Solutions for Providing Internet Access to Rural Areas

children in rural area using a laptop
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By: IEEE Standards Association

The COVID-19 pandemic has brought home the need to provide Internet connectivity to underserved communities. Many people with affordable access have been able to work from home, learn remotely, and shop online, but that certainly hasn’t been the case for everyone. Almost half the world’s population has no Internet access, according to the World Economic Forum. And where access is available, it can be too expensive.

The IEEE Standards Association Connectivity and Telecom Practice is working on the issue, researching communities’ needs and collaborating with other organizations. The group has released a series of videotaped interviews with industry professionals, researchers, and policymakers working on challenges in Africa, India, Indonesia, and Mexico.

Five videos are available:

Designing a User-Centered Interface for Rural Communities. One obstacle to widespread access is the lack of computer literacy in some communities. To address the problem, the IEEE Standards Association formed the Rural Communication industry connections program to research digital needs and develop a model for the design and implementation of user interfaces.

In this video with the chair of IEEE Standards Association Connectivity and Telecom Practice, IEEE Associate Member Anmol Anubhai shares her real-world and industry experience and discusses how the program can help raise computer literacy.

Accelerating Africa’s Digital Transformation Through ICTs. The continent has the lowest number of Internet connections, according to the International Finance Corp. Many African countries have less than a 20 percent broadband penetration rate. The problem is compounded by the lack of access to reliable and affordable electricity.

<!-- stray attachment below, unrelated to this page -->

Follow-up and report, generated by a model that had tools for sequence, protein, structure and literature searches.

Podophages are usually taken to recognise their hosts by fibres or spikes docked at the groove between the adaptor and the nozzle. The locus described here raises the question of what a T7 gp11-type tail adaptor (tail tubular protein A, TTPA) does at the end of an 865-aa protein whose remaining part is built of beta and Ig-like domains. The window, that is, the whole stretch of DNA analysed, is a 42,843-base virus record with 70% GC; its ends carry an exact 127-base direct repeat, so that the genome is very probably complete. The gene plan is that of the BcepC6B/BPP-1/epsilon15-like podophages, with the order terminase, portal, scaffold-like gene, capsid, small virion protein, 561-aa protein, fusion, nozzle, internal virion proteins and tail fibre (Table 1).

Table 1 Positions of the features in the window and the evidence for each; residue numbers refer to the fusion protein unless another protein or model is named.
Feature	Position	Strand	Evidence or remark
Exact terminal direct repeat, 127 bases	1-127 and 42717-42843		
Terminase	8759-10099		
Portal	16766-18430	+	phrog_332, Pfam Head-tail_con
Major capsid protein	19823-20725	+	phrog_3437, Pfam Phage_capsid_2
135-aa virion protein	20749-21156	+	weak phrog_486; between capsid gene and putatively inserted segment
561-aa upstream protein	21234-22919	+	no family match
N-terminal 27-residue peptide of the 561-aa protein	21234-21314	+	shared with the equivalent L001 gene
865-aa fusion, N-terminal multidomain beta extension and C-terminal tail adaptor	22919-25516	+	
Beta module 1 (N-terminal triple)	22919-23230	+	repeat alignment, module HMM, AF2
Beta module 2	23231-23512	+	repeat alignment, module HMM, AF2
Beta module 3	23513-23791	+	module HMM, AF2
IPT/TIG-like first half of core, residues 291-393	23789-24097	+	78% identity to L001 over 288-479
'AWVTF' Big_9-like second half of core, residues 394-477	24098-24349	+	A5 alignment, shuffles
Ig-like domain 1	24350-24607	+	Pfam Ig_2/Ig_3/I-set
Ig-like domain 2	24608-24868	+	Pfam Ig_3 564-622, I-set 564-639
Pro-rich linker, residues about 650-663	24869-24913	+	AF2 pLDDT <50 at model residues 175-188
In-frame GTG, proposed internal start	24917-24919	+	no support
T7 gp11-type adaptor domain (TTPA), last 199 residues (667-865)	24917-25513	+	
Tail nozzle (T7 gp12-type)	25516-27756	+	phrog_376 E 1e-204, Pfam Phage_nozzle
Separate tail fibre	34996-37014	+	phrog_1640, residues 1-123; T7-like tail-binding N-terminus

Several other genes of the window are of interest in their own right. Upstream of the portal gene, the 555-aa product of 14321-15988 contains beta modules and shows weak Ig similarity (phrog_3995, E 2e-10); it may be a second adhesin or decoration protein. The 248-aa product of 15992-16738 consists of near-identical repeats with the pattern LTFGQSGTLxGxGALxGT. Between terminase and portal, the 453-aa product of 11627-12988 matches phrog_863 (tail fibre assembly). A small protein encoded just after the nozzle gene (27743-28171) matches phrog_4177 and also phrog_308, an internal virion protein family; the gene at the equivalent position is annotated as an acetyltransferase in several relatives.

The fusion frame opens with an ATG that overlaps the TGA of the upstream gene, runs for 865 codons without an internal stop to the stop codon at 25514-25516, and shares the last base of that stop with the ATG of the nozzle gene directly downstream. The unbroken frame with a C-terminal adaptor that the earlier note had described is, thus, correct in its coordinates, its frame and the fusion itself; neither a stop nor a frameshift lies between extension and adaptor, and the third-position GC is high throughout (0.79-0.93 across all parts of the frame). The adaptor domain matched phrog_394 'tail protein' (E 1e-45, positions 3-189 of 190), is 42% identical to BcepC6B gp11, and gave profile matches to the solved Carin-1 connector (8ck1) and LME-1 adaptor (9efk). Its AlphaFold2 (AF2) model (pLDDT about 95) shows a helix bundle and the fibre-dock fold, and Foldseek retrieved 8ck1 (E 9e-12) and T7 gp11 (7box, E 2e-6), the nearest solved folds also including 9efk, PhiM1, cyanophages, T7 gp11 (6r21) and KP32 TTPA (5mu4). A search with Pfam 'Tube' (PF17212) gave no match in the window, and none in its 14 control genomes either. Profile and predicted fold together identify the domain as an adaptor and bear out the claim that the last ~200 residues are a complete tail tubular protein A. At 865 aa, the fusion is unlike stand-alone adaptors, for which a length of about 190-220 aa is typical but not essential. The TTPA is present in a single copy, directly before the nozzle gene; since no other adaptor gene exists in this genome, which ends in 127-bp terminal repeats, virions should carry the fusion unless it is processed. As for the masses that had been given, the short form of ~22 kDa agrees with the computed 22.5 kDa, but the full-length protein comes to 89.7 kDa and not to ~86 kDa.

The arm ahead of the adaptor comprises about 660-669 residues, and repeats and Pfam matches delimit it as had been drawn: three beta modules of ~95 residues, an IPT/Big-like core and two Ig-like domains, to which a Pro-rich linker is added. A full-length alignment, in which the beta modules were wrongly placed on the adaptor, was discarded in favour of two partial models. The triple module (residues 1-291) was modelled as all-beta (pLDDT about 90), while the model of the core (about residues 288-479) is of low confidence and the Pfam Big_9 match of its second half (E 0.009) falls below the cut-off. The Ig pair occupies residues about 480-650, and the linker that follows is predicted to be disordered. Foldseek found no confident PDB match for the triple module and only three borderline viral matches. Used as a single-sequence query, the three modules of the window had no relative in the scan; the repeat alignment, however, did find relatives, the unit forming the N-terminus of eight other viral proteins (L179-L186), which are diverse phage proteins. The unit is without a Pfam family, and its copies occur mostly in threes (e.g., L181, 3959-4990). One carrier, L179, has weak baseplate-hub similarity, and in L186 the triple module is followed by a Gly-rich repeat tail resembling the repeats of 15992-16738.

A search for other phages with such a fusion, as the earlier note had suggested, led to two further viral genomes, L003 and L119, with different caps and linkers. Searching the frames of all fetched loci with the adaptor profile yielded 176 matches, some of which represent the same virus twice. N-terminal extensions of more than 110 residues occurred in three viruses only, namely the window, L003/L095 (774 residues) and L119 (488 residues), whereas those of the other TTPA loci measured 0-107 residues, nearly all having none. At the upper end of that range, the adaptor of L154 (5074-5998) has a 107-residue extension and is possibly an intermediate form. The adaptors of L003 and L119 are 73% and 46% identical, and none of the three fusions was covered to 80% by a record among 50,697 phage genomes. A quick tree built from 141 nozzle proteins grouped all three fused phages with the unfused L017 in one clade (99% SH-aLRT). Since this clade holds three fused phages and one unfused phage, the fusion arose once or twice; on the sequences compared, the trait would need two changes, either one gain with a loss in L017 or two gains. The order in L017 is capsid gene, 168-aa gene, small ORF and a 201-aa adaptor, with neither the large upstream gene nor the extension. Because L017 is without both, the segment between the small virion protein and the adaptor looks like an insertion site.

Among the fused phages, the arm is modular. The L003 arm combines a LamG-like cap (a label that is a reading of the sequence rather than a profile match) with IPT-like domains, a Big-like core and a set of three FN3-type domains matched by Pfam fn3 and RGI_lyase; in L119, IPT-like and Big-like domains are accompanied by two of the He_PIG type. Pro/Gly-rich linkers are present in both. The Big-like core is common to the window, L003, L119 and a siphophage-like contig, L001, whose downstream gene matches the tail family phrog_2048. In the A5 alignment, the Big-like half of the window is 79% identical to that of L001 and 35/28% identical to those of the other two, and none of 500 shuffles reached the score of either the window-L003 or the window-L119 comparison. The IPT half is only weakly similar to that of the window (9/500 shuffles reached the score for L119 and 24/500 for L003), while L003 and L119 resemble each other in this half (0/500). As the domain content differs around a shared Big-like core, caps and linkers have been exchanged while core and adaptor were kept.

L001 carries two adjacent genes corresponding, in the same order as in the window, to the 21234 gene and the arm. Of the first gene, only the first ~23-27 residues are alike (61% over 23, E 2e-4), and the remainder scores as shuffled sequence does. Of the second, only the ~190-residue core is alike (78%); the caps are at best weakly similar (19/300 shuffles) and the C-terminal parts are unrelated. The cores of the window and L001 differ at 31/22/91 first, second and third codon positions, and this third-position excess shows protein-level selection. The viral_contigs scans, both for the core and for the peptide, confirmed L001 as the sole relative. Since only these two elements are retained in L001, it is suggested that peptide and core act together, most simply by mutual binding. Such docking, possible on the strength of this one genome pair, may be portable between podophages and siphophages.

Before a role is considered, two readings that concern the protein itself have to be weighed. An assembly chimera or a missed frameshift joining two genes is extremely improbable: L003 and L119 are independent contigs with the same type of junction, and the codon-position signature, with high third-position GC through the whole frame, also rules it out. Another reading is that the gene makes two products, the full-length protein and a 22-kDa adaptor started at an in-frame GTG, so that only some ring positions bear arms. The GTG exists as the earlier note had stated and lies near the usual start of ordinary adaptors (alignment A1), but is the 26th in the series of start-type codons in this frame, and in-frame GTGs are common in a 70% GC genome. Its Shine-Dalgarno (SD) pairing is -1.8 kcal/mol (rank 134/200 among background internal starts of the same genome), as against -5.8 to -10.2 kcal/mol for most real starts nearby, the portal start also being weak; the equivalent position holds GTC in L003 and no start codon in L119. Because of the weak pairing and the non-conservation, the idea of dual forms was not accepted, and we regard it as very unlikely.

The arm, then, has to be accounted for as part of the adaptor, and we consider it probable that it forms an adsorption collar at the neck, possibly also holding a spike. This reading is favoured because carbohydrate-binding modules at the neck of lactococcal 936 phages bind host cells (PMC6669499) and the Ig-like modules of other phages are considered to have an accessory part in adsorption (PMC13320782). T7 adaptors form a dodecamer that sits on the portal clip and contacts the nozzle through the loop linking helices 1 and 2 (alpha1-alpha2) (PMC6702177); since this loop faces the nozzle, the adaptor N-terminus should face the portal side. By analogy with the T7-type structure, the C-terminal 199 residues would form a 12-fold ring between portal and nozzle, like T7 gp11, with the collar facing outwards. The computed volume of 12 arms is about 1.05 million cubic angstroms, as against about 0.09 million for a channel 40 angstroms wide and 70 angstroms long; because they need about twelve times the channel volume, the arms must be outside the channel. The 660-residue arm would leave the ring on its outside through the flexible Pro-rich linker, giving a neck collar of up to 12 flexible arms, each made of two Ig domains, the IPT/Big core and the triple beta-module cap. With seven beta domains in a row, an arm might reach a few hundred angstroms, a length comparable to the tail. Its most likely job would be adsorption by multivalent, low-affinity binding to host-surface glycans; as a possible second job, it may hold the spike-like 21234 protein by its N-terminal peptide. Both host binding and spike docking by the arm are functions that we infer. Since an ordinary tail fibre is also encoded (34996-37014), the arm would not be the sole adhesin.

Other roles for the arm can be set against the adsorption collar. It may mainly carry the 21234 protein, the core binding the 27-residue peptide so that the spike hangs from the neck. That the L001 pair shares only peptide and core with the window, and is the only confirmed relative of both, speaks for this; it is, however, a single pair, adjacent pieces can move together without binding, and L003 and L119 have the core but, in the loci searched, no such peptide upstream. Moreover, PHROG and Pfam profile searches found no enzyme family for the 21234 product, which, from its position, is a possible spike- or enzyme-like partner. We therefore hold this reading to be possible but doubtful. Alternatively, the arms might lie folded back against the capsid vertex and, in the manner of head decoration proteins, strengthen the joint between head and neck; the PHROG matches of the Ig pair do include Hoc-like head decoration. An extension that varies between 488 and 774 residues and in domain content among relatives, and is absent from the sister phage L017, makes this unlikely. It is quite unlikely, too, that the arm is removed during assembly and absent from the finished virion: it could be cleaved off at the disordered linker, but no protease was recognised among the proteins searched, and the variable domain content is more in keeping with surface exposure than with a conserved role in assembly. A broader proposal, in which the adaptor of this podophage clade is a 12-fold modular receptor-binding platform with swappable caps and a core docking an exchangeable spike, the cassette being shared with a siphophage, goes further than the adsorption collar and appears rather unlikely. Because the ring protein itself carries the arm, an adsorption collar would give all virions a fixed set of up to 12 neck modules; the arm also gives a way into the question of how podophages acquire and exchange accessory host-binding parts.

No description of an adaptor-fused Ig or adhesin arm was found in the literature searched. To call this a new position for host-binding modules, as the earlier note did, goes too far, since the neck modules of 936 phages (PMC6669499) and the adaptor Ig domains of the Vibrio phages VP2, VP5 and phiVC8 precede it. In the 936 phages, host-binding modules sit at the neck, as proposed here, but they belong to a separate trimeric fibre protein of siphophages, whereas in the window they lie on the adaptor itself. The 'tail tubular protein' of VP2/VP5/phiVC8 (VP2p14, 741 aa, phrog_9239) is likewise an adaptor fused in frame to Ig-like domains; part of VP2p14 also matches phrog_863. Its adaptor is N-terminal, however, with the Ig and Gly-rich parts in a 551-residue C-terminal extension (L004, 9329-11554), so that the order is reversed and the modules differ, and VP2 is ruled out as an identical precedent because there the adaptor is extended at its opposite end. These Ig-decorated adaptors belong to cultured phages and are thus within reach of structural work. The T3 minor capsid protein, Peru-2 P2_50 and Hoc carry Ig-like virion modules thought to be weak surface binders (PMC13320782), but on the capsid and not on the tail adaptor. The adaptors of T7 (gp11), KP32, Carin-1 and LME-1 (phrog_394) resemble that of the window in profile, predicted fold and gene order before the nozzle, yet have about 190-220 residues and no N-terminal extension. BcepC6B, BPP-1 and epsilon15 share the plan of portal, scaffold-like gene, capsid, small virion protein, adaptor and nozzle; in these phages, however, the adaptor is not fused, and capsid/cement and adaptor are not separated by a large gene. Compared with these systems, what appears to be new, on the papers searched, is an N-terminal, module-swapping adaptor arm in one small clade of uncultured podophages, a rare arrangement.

There’s also the need to provide other basic services including education, food security, and health care, which all play a role in the continent’s mission of connecting the unconnected, says Lacina Koné, director general and chief executive of Smart Africa. In the video, Koné covers current efforts by African leaders to transform the continent’s digital future and accelerate socioeconomic development through information and communication technologies.

Connecting Rural India Through Technology Standards. India’s government has provided reliable Internet infrastructure to more than half those living in rural areas, but not enough of those people are using it because accessing it is too expensive, says Sandeep Agrawal, team leader for the Centre for Development of Telematics in Bangalore. Agrawal, an IEEE senior member, discusses other challenges as well.

Almost half the world’s population has no access to the Internet

He also talks about two IEEE standards programs he chairs that can help expand the reach of the Internet: the IEEE P2872 Working Group for Interoperable and Secure Public Wi-Fi Infrastructure and Architecture and the Rural Communication industry connections program.

Protecting Data Privacy in the Use of ICTs in Indonesia. Many ICT users in Indonesia are concerned about their privacy because their data is owned by private operators. One way to tackle the issue is to leverage technology standards and data protocols, says Benjamin Hsueh-Yung Koo, director of international relations for the iCenter at Tsinghua University, in Beijing. He examines the policy and educational challenges and how technical standards can support sustainable and trustworthy data governance.

Bridging Digital Divide in Mexico Through Collaborative Regulation. The country has seen steady growth in Internet connectivity since 2013. The Mexican government has played a crucial role in delivering reliable infrastructure and affordable access, fostering public-private partnerships, and providing training to improve digital skills. Today about 70 percent of Mexicans have access to wired or wireless Internet. Yet only 47 percent of the rural population has access, compared with 76 percent of city dwellers. Paola Cicero, chief of staff at Mexico’s Federal Institute of Telecommunications, discusses how to provide universal connectivity by leveraging local IEEE resources and developing collaborative regulation such as sharing guiding principles and best practices and defining mechanisms for cooperation.

Join the IEEE SA Connectivity and Telecom Practice interest list to stay up to date on projects and receive notice of upcoming events.

This article originally appeared in IEEE Spectrum on 14 December 2021.